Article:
I’ll reserve judgment on Michael Caine’s The Quiet American nomination until I actually see the film, and though Nicolas Cage was wonderful in Adaptation, I still think he has to pay penance for years of Con Airs and Face/Offs and The Family Mans. In their stead, allow me to suggest two sensational portrayals of showbiz insiders – Kinnear’s Bob Crane and Rockwell’s Chuck Barris – that simultaneously played off our shared knowledge of the two and showed them in new, oftentimes frightening lights, Kinnear with Crane’s Boy Scout image gone to seed, and Rockwell with Barris’ quest-for-fame gone psycho. The Academy loves actors who play celebrated media fixtures well – Angela Bassett’s Tina Turner, Martin Landau’s Bela Lugosi, Will Smith’s Muhammad Ali – but apparently not so much when they play them disturbingly well.
Maggie Gyllenhaal (Secretary)
Nicole Kidman (The Hours) (A)
Diane Lane (Unfaithful) (A)
Julianne Moore (Far from Heaven) (A)
Meryl Streep (The Hours)
I am completely at peace with the Academy’s Best Actress choices this year; there’s no glaring omission like last year’s Naomi Watts snub to get me all riled up. Kidman burrowed into her Virginia Woolf character in a way that seemed positively revelatory; Lane, as previously discussed, pounced on her slightly written role with a vengeance – there’s no denying the power in her oft-cited, post-coital train scene, a whirlwind of contrasting emotions; and Moore... well, I’m not sure how much else I can say about one of the greatest performances of the past 20 years. They should just give her the damned Oscar and be done with it. (Sad to say, though, that seems iffy at best.) I can certainly see the sense in nominating Frida’s Salma Hayek, for performing ably in her dream role and helping make the movie a sizeable hit, and Chicago’s Renee Zellweger, because ... y’know, who knew she could do that? I, though, would have replaced the latter two with Streep, giving a slowly-falling-apart performance of such delicacy and nuance that you never wanted her scenes to end, and Gyllenhaal, who took what could have been an aggressively insulting character and turned her into a figure of uncommon pathos, humor, and yearning – and she did it in a film that would have been a complete botch without her. The year’s other great actresses give their all to their films; Gyllenhaal positively rescues hers.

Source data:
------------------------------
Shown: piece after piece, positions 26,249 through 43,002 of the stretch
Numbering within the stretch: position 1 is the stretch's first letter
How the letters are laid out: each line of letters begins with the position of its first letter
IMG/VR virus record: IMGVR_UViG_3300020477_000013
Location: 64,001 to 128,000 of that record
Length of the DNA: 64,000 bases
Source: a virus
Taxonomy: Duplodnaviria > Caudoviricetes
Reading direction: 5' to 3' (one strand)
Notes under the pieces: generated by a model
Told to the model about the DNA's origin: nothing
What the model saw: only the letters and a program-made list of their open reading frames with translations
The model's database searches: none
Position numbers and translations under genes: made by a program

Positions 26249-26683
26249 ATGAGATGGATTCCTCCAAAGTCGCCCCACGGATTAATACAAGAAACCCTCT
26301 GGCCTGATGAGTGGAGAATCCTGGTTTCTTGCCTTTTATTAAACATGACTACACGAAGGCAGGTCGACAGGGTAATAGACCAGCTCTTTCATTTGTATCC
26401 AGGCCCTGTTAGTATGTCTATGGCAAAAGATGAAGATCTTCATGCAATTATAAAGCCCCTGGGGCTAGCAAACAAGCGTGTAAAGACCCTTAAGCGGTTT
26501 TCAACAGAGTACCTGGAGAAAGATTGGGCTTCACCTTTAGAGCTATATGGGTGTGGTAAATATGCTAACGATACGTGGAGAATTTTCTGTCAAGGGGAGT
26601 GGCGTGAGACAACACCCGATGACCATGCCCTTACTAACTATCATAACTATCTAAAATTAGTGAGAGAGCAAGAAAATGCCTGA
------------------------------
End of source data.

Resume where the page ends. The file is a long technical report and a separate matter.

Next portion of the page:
Best Supporting Actor
Cedric the Entertainer (Barbershop)
Chris Cooper (Adaptation) (A)
Willem Dafoe (Auto Focus)
Jude Law (The Road to Perdition)
Dennis Quaid (Far from Heaven)
Here’s a rarity: My personal favorite choice is also the front-runner. I don’t know anyone who saw Adaptation and didn’t marvel at the powerhouse performance of Chris Cooper. He’s so hilarious, so touching, so blisteringly alive that you can’t imagine the movie without him, and his portrayal is even more impressive given Cooper’s usual stoicism – who thought the man had it in him to be wacky? 2002 was filled with supporting performances that were no less surprising, but scant few made it onto the Best Supporting Actor lineup. While the fine performances of Chicago’s John C. Reilly, The Hours’ Ed Harris, and Catch Me If You Can’s Christopher Walken all featured their share of surprises – Reilly can sing! Harris can wax poetic! Walken can be charming! – I’d have replaced this trio with Quaid, a heartbreaking figure of faux-propriety, ’50s-style; Dafoe, a tormented hanger-on who crosses from repellant to tragic; and the incomparable Cedric the Entertainer, whose every incendiary, politically incorrect aside earns major laughs. And what’s with the Paul Newman nomination for The Road to Perdition? Sure, he’s a legend, but did anyone really think he gave a better performance than that same film’s Jude Law, so feral and terrifying that he put the rest of Sam Mendes’ waxworks opus to shame? Law has now been bypassed on deserving Oscar nods for such films as Gattaca, A.I. , and now Perdition; a few more, and the Academy will have to overlook him for a Lifetime Achievement Award, too.
Best Supporting Actress
Patricia Clarkson (Far from Heaven)
Zooey Deschanel (The Good Girl)
Julianne Moore (The Hours) (A)
Meryl Streep (Adaptation) (A)
Catherine Zeta-Jones (Chicago) (A)
Finally, a nomination that Chicago deserves! Catherine Zeta-Jones is easily the musical’s trump card; she attacks her Velma Kelly role with powerhouse gusto and is the one performer in the movie who sticks in your mind long after memories of the movie have faded. (I’d be happier about the nomination for her co-star, Queen Latifah, if she gave her acting the same oomph she gives her “When You’re Good to Mama” number.) On the flip side, Moore is equally memorable in The Hours by saying barely a word; a lifetime’s worth of sadness and neglect seeps through her devastatingly quiet performance. And the best of the lot? Ms. Meryl Streep, who has often been brilliant in screen comedy – Death Becomes Her, Defending Your Life, Postcards from the Edge – but who has never been as relaxed and instinctual as she is in her scenes with Chris Cooper; they create the year’s most hysterical, and most oddly affecting, lovers. I agree with the Academy’s commendation of all three actresses, and would have also included Clarkson’s sweetly malevolent neighbor (her venomously teary-eyed reading of “I’m your best friend!” couldn’t be bettered) and Deschanel’s mordantly dry convenience-store employee, the fall-down funniest performance of 2002. And who, besides Queen Latifah, took their place? Kathy Bates in About Schmidt. She’s a terrific actress and all, but honestly, if not for the hot-tub scene (which is all anyone seems to talk about in regards to her portrayal), would this performance otherwise merit a moment of serious Oscar consideration?
Of course, I’m asking for a lot; the words “serious” and “Oscar consideration” rarely fit in the same sentence, and I’m grateful that, this year at least, the voters didn’t find new ways to embarrass themselves. We’ll leave that to the Oscar telecast itself.